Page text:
PEST’s next report is out on Monday 24th November: “What IS a low carbon culture” Please respond to it, leave comments, retweet it, post it on facebook. Most of all, put your thinking and talking hats on, because this report is only the beginning of a discussion.

Next meeting: Monday 15th December will be at 7pm, at the Friends Meeting House. It is a “how-to” session for people who want to become better public speakers, and people who want to learn how to shoot video. All welcome, no need to book. Please tell your friends

Next report (January 2015) will be on “How can we make our streets more ready for the unpleasant surprises to come?” If you have ideas, or want to get involved in the writing/production of this report, please get in touch via

Posted in Campaign Update, Event reports | Leave a comment

Help a #Manchester Environmental Centre and get lunch/cake/coffee as “merci” Fri 28-Sat 29 Nov

From the folks at Kindling Trust:

We have a mission of a very different kind for our Land Army volunteers on Friday 28th and Saturday 29th November.

For once, we will be inside a warm building, helping out at MERCi’s historic Bridge-5 Mill! We will be helping to clear one floor of this unique environment centre to allow new tenants to move in and help this East Manchester charity generate more income.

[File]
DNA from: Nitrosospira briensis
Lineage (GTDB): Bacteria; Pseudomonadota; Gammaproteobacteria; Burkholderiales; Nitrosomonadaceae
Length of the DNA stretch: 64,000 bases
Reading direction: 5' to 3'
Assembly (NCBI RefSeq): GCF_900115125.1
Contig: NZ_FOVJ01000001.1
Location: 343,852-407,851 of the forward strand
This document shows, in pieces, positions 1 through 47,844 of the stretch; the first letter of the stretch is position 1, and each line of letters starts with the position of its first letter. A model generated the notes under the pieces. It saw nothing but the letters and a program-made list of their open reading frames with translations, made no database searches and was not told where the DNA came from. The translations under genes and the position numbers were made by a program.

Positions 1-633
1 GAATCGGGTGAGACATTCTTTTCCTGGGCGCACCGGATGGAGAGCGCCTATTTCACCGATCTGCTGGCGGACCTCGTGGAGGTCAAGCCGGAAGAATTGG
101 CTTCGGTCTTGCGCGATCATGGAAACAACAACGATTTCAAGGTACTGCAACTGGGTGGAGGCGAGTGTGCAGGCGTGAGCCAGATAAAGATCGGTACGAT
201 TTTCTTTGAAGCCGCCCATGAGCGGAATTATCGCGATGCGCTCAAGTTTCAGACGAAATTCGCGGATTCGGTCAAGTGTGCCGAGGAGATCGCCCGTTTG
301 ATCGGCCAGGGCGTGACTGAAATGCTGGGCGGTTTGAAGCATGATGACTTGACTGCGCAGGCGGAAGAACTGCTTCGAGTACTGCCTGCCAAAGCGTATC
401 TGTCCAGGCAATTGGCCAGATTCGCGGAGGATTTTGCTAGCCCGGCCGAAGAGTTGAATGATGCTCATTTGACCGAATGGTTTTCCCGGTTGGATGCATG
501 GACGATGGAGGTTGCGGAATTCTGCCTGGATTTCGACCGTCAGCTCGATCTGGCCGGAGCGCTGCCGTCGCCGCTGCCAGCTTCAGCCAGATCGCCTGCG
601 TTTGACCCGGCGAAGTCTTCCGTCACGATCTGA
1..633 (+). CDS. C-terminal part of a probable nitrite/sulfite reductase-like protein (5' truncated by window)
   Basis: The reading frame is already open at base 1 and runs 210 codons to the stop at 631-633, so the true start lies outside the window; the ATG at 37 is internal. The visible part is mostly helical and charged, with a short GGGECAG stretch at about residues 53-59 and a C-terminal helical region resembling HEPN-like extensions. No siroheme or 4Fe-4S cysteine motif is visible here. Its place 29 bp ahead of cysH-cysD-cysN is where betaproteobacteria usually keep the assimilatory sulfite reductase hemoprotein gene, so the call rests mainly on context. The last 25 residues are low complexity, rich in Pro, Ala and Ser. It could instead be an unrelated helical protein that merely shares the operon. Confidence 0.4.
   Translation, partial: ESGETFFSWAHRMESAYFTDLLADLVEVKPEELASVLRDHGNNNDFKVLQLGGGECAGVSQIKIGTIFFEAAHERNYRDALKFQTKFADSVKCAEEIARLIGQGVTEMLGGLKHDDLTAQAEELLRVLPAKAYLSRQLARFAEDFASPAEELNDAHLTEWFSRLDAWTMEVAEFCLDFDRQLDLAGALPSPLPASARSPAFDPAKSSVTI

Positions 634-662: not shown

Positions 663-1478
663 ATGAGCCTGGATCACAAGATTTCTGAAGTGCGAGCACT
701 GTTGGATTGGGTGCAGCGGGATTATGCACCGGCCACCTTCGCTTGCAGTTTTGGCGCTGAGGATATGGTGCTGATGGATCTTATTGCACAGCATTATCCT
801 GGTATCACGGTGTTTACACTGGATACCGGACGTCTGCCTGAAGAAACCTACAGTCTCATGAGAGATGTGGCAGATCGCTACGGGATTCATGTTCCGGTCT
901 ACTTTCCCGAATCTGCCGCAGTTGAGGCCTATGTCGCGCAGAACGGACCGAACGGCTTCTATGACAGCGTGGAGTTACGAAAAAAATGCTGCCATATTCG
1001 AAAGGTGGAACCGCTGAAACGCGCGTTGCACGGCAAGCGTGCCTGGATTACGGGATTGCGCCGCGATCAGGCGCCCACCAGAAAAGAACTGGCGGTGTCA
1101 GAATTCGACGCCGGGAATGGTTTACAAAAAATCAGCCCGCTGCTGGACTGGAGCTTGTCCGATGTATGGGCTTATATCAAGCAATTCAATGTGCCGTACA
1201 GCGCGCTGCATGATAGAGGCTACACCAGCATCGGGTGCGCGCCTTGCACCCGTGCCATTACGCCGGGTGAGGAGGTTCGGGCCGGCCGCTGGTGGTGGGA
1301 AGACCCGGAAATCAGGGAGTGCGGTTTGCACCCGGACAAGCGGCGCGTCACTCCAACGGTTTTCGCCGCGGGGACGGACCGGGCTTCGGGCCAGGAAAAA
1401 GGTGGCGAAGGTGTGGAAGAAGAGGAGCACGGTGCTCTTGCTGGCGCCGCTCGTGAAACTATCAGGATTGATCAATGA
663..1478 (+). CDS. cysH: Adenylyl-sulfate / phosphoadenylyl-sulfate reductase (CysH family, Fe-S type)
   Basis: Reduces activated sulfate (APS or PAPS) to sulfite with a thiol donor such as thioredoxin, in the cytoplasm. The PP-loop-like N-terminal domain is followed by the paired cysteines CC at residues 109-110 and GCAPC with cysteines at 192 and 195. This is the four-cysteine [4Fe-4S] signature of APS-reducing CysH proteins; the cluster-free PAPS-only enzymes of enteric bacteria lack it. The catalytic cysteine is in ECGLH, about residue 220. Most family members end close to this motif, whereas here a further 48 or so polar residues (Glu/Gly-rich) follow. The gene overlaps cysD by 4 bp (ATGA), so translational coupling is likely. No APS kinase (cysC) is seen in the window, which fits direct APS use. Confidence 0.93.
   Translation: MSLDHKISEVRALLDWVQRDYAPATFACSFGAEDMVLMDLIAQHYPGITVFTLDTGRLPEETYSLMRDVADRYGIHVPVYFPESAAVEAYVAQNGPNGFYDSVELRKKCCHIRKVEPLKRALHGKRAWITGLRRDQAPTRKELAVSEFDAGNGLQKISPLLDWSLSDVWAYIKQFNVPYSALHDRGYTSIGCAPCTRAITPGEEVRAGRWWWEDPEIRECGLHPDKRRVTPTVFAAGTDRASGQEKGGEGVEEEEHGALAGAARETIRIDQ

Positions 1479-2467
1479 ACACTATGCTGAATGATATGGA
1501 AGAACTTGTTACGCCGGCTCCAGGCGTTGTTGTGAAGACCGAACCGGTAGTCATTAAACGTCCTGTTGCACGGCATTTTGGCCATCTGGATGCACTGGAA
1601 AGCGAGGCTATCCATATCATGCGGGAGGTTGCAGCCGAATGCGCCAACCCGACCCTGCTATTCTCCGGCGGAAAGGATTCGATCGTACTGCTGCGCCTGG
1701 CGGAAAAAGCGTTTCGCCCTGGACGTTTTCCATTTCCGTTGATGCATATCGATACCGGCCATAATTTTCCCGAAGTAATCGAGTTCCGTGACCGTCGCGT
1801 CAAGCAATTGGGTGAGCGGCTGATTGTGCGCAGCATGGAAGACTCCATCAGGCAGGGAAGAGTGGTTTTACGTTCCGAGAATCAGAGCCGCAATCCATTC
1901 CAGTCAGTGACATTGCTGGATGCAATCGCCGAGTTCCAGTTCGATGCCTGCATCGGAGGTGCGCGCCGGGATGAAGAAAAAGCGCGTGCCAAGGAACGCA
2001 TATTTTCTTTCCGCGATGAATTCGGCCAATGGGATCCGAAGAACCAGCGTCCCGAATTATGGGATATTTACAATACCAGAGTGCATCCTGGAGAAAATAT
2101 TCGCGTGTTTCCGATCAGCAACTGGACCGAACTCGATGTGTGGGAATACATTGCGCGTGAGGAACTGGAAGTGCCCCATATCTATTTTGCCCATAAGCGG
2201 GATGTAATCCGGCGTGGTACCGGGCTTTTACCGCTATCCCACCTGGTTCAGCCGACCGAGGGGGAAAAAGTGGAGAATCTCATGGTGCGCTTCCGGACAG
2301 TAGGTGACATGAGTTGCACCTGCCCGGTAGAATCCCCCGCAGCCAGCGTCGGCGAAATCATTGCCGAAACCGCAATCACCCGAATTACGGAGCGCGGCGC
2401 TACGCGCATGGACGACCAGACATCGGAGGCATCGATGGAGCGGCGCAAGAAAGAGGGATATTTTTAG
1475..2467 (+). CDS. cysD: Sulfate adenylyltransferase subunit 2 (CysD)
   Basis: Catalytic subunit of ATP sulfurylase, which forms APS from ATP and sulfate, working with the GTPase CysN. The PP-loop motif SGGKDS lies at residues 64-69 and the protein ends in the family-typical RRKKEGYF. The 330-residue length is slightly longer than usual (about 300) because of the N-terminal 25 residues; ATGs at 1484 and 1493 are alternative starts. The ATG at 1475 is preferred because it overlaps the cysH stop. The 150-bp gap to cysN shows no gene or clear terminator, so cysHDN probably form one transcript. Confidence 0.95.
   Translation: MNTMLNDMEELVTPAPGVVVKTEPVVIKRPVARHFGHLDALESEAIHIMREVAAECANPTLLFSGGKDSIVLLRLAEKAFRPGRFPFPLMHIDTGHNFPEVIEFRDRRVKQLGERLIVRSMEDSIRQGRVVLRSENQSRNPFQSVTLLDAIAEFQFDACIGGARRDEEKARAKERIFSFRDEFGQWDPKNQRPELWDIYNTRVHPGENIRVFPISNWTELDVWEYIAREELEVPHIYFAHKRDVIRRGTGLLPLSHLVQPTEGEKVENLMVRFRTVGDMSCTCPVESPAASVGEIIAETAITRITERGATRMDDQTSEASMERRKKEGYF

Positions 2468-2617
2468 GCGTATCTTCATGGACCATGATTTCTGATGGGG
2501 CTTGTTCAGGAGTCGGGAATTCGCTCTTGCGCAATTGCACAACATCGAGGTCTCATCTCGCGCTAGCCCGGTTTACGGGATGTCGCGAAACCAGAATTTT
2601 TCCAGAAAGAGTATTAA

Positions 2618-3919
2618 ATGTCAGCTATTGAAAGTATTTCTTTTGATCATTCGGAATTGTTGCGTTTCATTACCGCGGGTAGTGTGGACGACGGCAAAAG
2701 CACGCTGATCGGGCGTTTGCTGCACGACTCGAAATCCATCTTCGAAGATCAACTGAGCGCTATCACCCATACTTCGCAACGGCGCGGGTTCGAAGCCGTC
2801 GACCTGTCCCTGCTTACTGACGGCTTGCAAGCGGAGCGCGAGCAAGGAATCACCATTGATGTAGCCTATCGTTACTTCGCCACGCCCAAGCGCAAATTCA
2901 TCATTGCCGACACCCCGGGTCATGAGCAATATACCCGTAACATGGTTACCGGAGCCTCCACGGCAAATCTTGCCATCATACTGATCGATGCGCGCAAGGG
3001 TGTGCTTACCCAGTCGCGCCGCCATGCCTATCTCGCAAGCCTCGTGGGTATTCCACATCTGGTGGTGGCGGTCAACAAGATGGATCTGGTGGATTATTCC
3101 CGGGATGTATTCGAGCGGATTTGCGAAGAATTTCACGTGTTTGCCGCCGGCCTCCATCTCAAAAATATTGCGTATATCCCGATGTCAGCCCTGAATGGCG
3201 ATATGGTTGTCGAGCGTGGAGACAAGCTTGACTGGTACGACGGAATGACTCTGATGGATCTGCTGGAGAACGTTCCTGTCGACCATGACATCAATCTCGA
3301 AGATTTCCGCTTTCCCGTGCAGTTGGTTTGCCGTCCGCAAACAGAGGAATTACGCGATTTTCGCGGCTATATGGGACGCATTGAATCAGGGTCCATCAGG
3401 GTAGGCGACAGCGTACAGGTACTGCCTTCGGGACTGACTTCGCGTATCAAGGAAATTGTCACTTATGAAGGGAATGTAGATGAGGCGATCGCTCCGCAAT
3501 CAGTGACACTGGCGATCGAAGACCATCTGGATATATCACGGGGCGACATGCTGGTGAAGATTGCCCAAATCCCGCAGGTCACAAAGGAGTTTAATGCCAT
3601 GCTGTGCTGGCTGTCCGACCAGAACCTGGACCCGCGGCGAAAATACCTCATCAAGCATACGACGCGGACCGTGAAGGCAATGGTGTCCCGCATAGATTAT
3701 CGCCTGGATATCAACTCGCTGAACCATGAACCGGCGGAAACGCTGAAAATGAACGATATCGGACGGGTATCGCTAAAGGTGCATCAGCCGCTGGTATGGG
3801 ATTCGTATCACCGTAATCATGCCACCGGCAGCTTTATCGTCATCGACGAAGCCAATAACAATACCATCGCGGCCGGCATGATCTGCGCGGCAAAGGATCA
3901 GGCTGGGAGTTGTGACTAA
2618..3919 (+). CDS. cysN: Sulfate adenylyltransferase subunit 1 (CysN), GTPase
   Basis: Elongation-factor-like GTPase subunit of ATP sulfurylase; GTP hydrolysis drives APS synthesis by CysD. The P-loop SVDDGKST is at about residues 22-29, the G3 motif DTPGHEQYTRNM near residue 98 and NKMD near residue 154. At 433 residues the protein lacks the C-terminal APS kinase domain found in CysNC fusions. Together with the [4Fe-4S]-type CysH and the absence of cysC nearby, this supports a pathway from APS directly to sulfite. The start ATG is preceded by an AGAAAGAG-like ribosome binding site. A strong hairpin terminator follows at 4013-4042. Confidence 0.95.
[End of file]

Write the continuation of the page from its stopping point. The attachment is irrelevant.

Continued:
Bridge-5 Mill is one of Manchester’s most sustainable buildings, and home to a number of environmental, campaigning and community organisations. Tenants include the Manchester Environmental Education Network, the Federation of City Farms and Community Gardens, the Black Environment Network and Greater Manchester CND. It also provides beautiful meeting and event spaces for hire. All proceeds from tenant and event rates goes back into running the building and MERCi’s own local environmental projects.

So if you relish a rummage, love a tidy up, thrill at recycling, and appreciate good food and good company, join us for a couple of days for all of these and more! You’ll also get a guided tour of the building and hear about its transformation from historic silk mill to a Centre for Change.

Lunch, tea, coffee and cake provided! Email to book your place”